Councillor Mike Cornwell, Fenland District Council’s Portfolio Holder for Communities, said: “Winter can be a very isolating time, preventing people from seeing friends and family and going about their daily lives as normal. This can impact on people’s health and wellbeing in so many ways, making them more likely to become unwell or injure themselves.
“Older people, those with long-term health conditions and people who live in poor quality housing, are particularly vulnerable during the winter, and many of those sometimes find it
difficult to ask for help. If we all look out for our vulnerable relatives, friends and neighbours, we can make a huge difference to how people in Fenland get through the winter.”
The Stay Well This Winter campaign in Cambridgeshire is being supported by Cambridgeshire County Council, Peterborough City Council, district councils, the voluntary sector, Cambridgeshire Fire and Rescue Service, and the Cambridgeshire and Peterborough Clinical Commissioning Group (CCG).
For more information on staying warm and well this winter, including grants available to help people if they are struggling financially, call 0345 6500 280, or visit the Golden Age Fair.
New Wisbech skate park project launched
Hopes for a new and improved skate park for Wisbech are gathering pace with the launch of a new project involving the local community.
Wisbech Town Council, Fenland District Council, Cambridgeshire County Council and local housing provider Clarion Futures will be working with residents and the Oasis Community Centre to develop and fund a new skate park in Bath Road on the Waterlees ward.
The old skate park had reached the end of its useful life, with all the old equipment being removed by Fenland District Council earlier this year due to safety concerns.
Project leaders said the move was disappointing for local youngsters, but represented a “real opportunity” to offer a new and improved facility for the whole community.
Wisbech Town Council has agreed Fenland District Council set aside £35,000 for the project from Section 106 funding, which will be used to attract further investment and funding from other sources. Fenland District Council will also contribute £5,000, along with ongoing skate park maintenance and safety assessment costs.
Fenland’s open spaces team will also provide its expertise to help deliver the new facility, alongside the engineering team once an agreed skate park build commences.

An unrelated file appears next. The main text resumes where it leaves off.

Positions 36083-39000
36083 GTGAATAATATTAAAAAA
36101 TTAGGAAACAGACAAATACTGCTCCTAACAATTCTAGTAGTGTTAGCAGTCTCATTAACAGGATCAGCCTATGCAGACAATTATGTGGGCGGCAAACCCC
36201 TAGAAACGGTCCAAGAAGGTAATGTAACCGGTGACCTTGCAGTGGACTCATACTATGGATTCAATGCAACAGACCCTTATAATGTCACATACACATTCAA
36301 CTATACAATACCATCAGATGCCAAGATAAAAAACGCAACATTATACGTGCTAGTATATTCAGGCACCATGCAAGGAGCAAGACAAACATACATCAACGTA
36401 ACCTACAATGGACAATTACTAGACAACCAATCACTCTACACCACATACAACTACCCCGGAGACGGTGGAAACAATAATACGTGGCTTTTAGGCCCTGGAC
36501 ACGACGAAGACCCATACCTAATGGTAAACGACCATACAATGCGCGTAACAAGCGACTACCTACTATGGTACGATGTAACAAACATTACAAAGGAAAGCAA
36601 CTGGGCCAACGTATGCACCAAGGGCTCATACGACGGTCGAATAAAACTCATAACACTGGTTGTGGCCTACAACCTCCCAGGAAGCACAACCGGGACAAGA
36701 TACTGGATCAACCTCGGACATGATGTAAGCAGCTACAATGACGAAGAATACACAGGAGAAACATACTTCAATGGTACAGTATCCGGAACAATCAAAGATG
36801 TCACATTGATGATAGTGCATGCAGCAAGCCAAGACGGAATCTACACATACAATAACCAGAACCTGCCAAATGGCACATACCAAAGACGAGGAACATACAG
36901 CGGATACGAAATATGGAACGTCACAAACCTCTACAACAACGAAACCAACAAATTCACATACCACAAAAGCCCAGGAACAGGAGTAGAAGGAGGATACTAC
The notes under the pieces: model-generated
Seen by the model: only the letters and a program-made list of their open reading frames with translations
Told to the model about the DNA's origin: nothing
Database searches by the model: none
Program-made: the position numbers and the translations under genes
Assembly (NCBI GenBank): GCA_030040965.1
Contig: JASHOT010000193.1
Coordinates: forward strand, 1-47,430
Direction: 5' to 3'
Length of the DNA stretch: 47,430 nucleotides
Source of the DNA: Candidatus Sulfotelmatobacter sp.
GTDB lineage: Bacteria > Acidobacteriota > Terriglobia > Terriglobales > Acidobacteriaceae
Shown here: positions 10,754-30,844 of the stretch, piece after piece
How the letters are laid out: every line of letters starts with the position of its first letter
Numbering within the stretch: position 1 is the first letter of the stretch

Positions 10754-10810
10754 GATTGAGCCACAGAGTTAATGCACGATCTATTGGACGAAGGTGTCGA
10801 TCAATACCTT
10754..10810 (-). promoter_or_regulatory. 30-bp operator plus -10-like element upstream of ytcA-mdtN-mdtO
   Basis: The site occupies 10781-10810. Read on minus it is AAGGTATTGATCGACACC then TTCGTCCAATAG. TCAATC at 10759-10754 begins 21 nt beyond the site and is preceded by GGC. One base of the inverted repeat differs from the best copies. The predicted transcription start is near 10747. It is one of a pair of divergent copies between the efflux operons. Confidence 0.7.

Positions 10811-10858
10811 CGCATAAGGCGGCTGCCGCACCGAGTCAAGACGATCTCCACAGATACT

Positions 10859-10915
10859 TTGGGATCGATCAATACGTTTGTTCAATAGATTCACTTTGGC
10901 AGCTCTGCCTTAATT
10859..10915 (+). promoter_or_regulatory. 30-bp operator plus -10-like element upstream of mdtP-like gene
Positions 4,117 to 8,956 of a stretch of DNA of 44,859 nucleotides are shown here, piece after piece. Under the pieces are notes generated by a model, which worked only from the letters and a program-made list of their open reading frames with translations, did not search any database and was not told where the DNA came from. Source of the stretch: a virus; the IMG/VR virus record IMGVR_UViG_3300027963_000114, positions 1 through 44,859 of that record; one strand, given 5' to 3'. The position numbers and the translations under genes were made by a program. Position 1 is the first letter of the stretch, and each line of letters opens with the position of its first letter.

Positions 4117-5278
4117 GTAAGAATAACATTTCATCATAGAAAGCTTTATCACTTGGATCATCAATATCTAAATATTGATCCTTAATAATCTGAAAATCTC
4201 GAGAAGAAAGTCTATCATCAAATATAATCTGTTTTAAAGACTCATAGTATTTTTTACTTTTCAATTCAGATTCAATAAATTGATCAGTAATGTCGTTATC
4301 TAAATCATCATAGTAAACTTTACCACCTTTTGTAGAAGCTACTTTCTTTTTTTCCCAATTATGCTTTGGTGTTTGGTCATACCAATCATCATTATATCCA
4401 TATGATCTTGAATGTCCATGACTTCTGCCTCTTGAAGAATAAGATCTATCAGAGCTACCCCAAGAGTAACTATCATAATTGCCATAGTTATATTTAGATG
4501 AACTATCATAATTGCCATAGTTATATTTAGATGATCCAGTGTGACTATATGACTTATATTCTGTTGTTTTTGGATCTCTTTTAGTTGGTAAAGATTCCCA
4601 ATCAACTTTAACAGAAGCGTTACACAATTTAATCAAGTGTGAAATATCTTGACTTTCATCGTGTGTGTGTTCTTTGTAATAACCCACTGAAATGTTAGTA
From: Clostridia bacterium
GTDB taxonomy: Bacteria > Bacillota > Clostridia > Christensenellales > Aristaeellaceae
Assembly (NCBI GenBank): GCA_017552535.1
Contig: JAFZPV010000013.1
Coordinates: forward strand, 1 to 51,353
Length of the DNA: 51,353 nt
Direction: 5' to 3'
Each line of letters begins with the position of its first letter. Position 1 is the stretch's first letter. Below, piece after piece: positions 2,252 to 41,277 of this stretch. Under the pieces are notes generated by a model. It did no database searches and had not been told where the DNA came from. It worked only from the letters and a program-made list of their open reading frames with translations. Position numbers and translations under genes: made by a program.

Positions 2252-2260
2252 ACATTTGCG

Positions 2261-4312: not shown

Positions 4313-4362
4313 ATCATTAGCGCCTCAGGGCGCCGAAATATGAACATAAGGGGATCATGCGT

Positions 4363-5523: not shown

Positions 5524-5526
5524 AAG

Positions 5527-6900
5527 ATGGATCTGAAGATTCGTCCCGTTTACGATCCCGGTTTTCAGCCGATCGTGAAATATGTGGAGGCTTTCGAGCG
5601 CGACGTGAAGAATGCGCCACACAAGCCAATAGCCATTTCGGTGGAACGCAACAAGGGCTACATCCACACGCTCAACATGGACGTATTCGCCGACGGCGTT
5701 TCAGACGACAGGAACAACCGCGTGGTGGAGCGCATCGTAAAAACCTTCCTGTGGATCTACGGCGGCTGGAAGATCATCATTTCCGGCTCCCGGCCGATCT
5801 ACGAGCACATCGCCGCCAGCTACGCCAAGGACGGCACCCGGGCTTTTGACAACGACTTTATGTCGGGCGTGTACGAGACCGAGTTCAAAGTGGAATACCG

The project group has begun applying to various funders for support, and will be fundraising within the local community.
Wisbech Town Councillor Laura Cobb, who is leading the town council’s support for the project with fellow town councillors, said: “We have many young people living very close to this area and they tell me that an improved facility is necessary. This is a place where young people gather, enjoy themselves and help create the community that we enjoy. This project is crucial to the area, as well as wider Wisbech communities, and I hope that we can deliver a fantastic skate park by the summer holidays next year.”
A community group is also being set up to back the project, which has also been supported with £500 from Wisbech Town Council’s Mayor’s Fund.
Councillor Peter Murphy, Fenland District Council’s Portfolio Holder for Environment, said: “This project has considerable community backing and I am pleased that Fenland is getting a large group together to push this important community project along. We have seen the success of similar projects across Fenland and given the number of young people living in this area I expect that this new skate park will be the busiest yet.”
Local businesses are also being urged to support the project.
FENLAND DISTRICT COUNCIL
November 3, 2017
Relaunch promotes Community House services
A project which helps residents to overcome barriers to skills, training and employment has been relaunched in a bid to reach more people in need.
Wisbech Community House relaunched its employability services on Monday (October 30) to raise greater awareness of the support available – and revealed exciting plans for the year ahead.
Local groups, partner organisations, charities and councillors were invited to the event to hear first-hand from staff, volunteers and clients how the project is making a huge difference to people’s lives; helping them to gain confidence and skills and move on to find work and training placements.
Guests were also encouraged to make the most of the services on offer by referring people for help, with many pledging to spread the message throughout the community.
Fenland District Council, which runs the house in Southwell Road, launched the employability project two years ago when funding from the Department for Work and Pensions (DWP) secured the future of the facility until April 2017.
When the DWP funding ceased, the Clarion Housing Group stepped into help – pledging grant funding for 12 months until April 2018.
The Clarion funding has a broad criteria, meaning Community House can offer the support to any individuals who are unemployed, economically inactive and seeking work, from any housing association and also property owners on any kind of benefit.
Relaunching the services, Councillor Mike Cornwell, the Council’s Portfolio Holder for Communities, said: “The funding enables Community House to continue and build on the employability project, ensuring it can carry on providing vital support to many people who are in most need. The work at Community House changes people’s lives, and it’s great to see that recognised by Clarion.”
Wisbech town councillor Andrew Lynn was among those pledging support at the event, saying he would contact local businesses and encourage them to offer work experience placements to Community House clients.